In this Crazy Tour Stories segment, the pop artist, ili, shares one of her stories from being on the road. You can check out the story, after the break.
It was my first ever tour traveling around Scotland, at around 13 years old. The previous dates had gone pretty well playing to families, with just me, my guitar, and some really sweet songs a 13-year-old would write. For reference, one was called “Cherry Lip Balm” and another “Dream Girl.” Although they were sweet songs they will never see the light of day now-haha! On this particular day, I was stopping off to play at a festival called “Thunder In The Glen” in a beautiful town called Aviemore. We didn’t use technology as much as we do now back then, so I never knew much about the festival and what it was for. The previous gigs were very family orientated, so, I was thinking it was something similar. 5 minutes from the festival, I noticed that there seemed to be thousands of bikers on their bikes, it was honestly so breath-taking. I had never seen anything like it in my life and thought it was by chance they were there the same day as the festival.
As I got to the entrance, it was pretty much time for me to go on stage right away. I got my guitar and piano out of the car and was taken to be rushed on stage, not taking my surroundings in. I ran onto the stage and gasped as around 150 bikers stood with a powerful stance, arms crossed, all looking in my direction- it was like they had stepped out of the TV series, “Sons Of Anarchy.” It was then I realized, I was playing at a biker rally! As my set went on playing some of my original songs like “Cherry Lip Balm” and “Dream Girl,” they were all being very supportive, clapping and singing along. Although, all I was thinking in my head was “they don’t like my music” or “I wish I had learned some AC/DC or something a little heavier for this!” I was extremely nervous as they all watched in their leather jackets with Harley Davison patches on them and their huge boots. In fact, I was so nervous I stopped my set a song early.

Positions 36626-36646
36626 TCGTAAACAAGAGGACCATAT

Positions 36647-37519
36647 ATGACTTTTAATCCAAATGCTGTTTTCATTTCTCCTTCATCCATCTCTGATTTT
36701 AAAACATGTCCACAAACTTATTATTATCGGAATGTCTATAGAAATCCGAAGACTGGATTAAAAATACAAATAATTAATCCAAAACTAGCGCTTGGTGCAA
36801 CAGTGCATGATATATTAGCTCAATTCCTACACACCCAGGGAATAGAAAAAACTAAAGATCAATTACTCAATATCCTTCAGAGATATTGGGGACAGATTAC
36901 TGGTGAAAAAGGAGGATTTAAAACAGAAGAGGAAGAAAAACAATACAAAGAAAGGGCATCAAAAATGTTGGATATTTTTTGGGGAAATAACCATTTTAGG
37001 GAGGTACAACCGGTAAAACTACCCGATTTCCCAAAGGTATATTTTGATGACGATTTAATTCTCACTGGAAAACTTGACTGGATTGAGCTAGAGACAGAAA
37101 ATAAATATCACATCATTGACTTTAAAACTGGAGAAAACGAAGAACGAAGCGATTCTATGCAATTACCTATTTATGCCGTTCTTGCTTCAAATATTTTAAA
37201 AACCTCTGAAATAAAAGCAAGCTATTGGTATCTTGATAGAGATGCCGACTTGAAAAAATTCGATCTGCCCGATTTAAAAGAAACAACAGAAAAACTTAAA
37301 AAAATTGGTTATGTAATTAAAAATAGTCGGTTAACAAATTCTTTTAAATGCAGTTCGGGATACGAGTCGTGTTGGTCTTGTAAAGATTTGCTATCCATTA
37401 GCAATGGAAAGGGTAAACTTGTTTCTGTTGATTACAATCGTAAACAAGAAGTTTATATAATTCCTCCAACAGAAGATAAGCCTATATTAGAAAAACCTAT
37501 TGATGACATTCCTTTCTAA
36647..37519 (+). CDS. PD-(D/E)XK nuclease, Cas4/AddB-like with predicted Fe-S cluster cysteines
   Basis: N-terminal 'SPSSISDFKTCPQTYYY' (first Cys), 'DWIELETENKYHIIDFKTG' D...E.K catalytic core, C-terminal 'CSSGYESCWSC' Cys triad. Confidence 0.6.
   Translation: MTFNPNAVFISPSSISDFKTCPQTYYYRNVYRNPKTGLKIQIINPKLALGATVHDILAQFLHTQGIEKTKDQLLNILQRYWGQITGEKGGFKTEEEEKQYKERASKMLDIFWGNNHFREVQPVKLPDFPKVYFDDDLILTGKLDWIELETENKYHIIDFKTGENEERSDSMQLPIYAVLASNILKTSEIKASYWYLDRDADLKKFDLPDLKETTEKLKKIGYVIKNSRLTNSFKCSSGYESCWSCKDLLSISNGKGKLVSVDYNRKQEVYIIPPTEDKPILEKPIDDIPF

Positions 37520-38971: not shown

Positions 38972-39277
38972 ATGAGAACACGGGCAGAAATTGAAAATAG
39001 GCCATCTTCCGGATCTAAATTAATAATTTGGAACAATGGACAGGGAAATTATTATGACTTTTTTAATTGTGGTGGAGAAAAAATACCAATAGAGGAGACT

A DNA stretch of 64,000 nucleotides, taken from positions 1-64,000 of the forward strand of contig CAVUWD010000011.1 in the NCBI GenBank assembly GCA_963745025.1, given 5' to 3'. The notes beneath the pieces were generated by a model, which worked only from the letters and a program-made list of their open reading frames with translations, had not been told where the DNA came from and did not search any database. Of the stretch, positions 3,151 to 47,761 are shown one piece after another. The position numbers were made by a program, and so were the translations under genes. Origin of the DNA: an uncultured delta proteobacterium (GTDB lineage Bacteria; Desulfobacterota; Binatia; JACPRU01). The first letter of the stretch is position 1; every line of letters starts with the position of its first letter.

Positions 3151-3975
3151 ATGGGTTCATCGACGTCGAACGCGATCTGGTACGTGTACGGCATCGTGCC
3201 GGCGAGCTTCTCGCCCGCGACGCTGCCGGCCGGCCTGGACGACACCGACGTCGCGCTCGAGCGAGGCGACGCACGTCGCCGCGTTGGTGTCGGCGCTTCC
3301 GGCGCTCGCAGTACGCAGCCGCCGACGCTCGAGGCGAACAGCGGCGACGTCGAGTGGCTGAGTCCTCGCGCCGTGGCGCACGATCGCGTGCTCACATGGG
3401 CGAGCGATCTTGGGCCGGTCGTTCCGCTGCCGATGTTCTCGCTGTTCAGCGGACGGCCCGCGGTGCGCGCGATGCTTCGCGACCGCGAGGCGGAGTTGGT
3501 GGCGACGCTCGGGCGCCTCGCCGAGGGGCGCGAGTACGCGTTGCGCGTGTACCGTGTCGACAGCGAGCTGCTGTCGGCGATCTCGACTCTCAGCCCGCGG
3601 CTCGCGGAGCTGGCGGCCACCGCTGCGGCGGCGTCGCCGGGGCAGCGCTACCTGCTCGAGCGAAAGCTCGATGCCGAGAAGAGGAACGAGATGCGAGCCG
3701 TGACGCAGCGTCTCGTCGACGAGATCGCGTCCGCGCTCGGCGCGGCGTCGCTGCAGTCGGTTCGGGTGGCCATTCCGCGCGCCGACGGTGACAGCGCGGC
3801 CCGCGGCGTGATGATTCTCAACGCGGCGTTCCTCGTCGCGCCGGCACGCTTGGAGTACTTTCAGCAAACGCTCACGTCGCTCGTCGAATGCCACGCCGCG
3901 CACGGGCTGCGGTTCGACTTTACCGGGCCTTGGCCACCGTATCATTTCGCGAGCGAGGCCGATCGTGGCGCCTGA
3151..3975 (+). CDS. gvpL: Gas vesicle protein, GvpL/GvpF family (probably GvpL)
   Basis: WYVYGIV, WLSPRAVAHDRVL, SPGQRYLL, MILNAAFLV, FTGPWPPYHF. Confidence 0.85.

I left the stage in a panic feeling slightly anxious. I was then suddenly flooded with the crowd congratulating me, telling me how much they liked my music and how they listened to every word. One biker, who was an incredibly strong man, came up to me to tell me he had tears in his eyes during one of my songs. I was so shocked as I was certain they wouldn’t like my set. It turns out, that they were honestly the kindest, purest, and the most wonderful bunch of people I have ever had the privilege of playing in front of and talking to. You really couldn’t have asked for a better response from a crowd after playing, I was so happy. Little 13-year-old me learn a huge, but very valuable lesson on this day to never judge anybody. Those bikers have a special place in my heart!